Archive for the ‘Poetry’ Category

Fables of the trees

October 15, 2018

It began with this poignant texty on Facebook:

(#1)

Voting as part of the story marks this as a recent version, and the shrinking forest (possibly an allusion to deforestation) might be recent as well. But the main idea — that the trees accepted the axe because its handle was wood and they thought it was one of them — feels antique, fabulesque. And so it is.

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Proustian paradise poems

September 17, 2018

In the most recent New York Times Magazine, “On a Line by Proust” by Adam Giannelli. Then, from the “graduation dinner” for the 1990-91 Fellows at the Center for Advanced Study in the Behavioral Sciences, my “class poem”, “Les vrais paradis sont les paradis qu’on a perdus” (the very line by Proust). The Giannelli is a villanelle of sorts, for a general audience; mine is very free verse, also occasional verse written for a small community.

In chronological order.

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Mandarin orange at the Malamute Saloon

August 30, 2018

Yesterday’s morning names. I have a ghost of a clue as to why Mandarin oranges came to me at dawn, but the Malamute Saloon is a total mystery.

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The penis art of David the Robot

August 26, 2018

… plus — surprise! — reflections on occupational labels and on limericks.

(There will be discussions of male genitalia and mansex, but no X-rated images; these are isolated in an AZBlogX posting yesterday, “Dave the Robot takes pen in hand”. The posting below isn’t couched in street language, but it cites some street language, some of the limericks are dirty, and other parts of its content might be unsuitable for the sexually modest or for kids.)

The XBlog posting begins (#1 and #2 there) with a drawing — entitled “Bros” — of two naked men whose penises are embracing. Cropped here to show the sketchbook style (a kind of deliberate artlessness) of the drawing:

(#1)

Then on to the artist, who has achieved some sort of fame via raunchy sketches on Instagram featuring genitalia and bodily fluids.

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BILLY COLLINS Billy Collins

July 31, 2018

Not just any Billy Collins, but Billy Collins Billy Collins — prototypical Billy Collins, the Billy Collins. Who I’m posting about here because one of his poems prominently features the morphological construction Contrastive Focus Reduplication, or CFR (which I’m going to cite in a forthcoming posting about two New Yorker cartoons on dating).

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Swiss spin-off: Wallisellen

June 27, 2018

The town of Wallisellen in Canton Zürich, Switzerland, has just come up again on this blog (in the posting “Three Züricher Peter Zwickys”), as the site of the Zwicky silk-thread company and now the Zwicky construction and real estate company. Two notable things about the place (from its Wikipedia page): the etymology of its name, which looks like a compound (and is), but without easily identifiable parts; and a Swiss German nonsense rhyme that incorporates the town’s name.

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Typewriter poets

June 1, 2018

The Zippy from the 30th, with the Dingburg School of beatnik typewriter poets:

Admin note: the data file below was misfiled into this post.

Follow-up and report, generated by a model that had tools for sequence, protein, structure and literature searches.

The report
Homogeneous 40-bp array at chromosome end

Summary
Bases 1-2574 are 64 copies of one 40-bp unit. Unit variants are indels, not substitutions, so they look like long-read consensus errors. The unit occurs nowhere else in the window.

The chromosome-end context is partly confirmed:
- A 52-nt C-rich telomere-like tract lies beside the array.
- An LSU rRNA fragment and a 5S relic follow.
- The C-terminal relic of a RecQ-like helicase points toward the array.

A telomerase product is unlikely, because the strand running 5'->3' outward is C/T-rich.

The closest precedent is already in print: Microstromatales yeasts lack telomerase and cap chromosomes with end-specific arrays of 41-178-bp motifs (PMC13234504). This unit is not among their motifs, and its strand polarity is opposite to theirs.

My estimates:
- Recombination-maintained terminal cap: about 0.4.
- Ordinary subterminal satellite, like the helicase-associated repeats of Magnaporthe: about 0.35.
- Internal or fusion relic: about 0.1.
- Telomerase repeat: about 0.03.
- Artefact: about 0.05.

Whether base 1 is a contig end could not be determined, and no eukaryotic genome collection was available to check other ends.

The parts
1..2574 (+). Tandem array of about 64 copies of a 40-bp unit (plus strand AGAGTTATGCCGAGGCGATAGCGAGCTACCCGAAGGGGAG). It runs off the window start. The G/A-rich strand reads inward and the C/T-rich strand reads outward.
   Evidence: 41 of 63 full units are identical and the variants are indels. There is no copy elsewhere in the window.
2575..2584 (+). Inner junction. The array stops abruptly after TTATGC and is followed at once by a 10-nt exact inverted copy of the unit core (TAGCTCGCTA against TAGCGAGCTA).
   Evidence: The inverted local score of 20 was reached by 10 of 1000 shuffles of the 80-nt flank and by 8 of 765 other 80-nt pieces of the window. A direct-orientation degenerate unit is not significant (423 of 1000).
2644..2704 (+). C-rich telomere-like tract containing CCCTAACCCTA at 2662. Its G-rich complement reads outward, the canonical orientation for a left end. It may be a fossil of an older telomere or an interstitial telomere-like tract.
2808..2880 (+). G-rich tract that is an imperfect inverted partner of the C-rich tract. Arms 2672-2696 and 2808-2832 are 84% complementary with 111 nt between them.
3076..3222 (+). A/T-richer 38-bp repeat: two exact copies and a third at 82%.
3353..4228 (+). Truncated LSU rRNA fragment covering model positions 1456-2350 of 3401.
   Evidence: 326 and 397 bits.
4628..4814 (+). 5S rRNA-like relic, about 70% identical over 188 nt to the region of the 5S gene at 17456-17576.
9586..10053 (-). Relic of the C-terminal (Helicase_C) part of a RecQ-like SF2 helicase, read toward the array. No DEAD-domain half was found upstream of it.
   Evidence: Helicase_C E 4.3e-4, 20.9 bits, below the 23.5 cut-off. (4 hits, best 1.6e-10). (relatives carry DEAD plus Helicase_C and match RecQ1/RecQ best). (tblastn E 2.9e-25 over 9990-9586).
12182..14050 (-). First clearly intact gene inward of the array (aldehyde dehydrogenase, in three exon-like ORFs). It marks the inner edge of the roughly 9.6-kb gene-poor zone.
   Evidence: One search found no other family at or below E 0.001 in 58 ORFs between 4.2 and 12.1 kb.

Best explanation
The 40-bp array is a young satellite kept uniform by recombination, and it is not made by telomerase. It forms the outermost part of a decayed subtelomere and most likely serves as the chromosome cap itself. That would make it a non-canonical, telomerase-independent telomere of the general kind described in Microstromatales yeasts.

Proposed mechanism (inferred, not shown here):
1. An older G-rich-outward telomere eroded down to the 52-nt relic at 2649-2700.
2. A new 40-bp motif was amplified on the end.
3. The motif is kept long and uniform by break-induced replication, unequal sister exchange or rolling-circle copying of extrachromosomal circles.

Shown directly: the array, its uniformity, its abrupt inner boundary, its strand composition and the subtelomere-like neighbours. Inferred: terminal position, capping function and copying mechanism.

They compose on their typewriters, creating poetic texts that are (to the untrained eye) just strings of characters. Their names are absurd combinations of words Bill Griffith finds attractive or risible: Feldspar Hatband, Mulch Onionskin. (I am especially fond of feldspar myself, have been for years.)

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Spoiling

May 8, 2018

An AMZ poetry moment.

From the New York Times Magazine, Terrance Hayes’s Poem column: “Too Many Cooks Spoil the Broth” (in print 5/6, on-line 5/4), by Aimee Nezhukumatathil:

Too many needles spoil the cloth.
Too many parrots spoil the talk.
Too many chapped lips spoil the gloss.
Too many teasel burs spoil the paw.
Too many bubbles spoil the froth.
Too many doorbells spoil the knock.
Too many seeds spoil the floss.
Too many feathers spoil the claw.
Too many lightbulbs spoil the moth.
Too many holes spoil the sock.
Too many sunbeams spoil the moss.
Too many kisses spoil the jaw.
Too many wolves spoil the flock.
Too many necks spoil the block.

All edgy domesticity until the end, when ravening wolves and beheadings erupt.

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Then, if ever, come lusty days

May 4, 2018

What is so rare as a day in May?

Caught on the Our Bastard Language group on Facebook this morning, this Addison cartoon (by Mark Addison Kershaw):

(#1) Sexy springtime (in the northern hemisphere)

Birds are urgently trolling for sex on every street corner and mating shamelessly in the bushes. Plants are flagrantly displaying their female parts, meanwhile spraying the botanical counterpart of semen everywhere. It’s a jungle out there.

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acuminate

April 29, 2018

Today’s morning name, and it turns out to be surprisingly relevant today.

adjective acuminate: Biology (of a plant or animal structure, e.g. a leaf) tapering to a point. ORIGIN late 16th century: from late Latin acuminatus ‘pointed’, from acuminare ‘sharpen to a point’, from acuere ‘sharpen’ [cf. acute].

Relevant to my daily life through the variegated agave (Agave desmetiana) that flourishes on my back patio (last noted here in my 11/4/17 posting “The succulent report”); it has wicked needle-like — acuminate — leaf tips that wound me every time I try to work around the plant. These plants evolved to seriously stave off herbivores and other pesky creatures.

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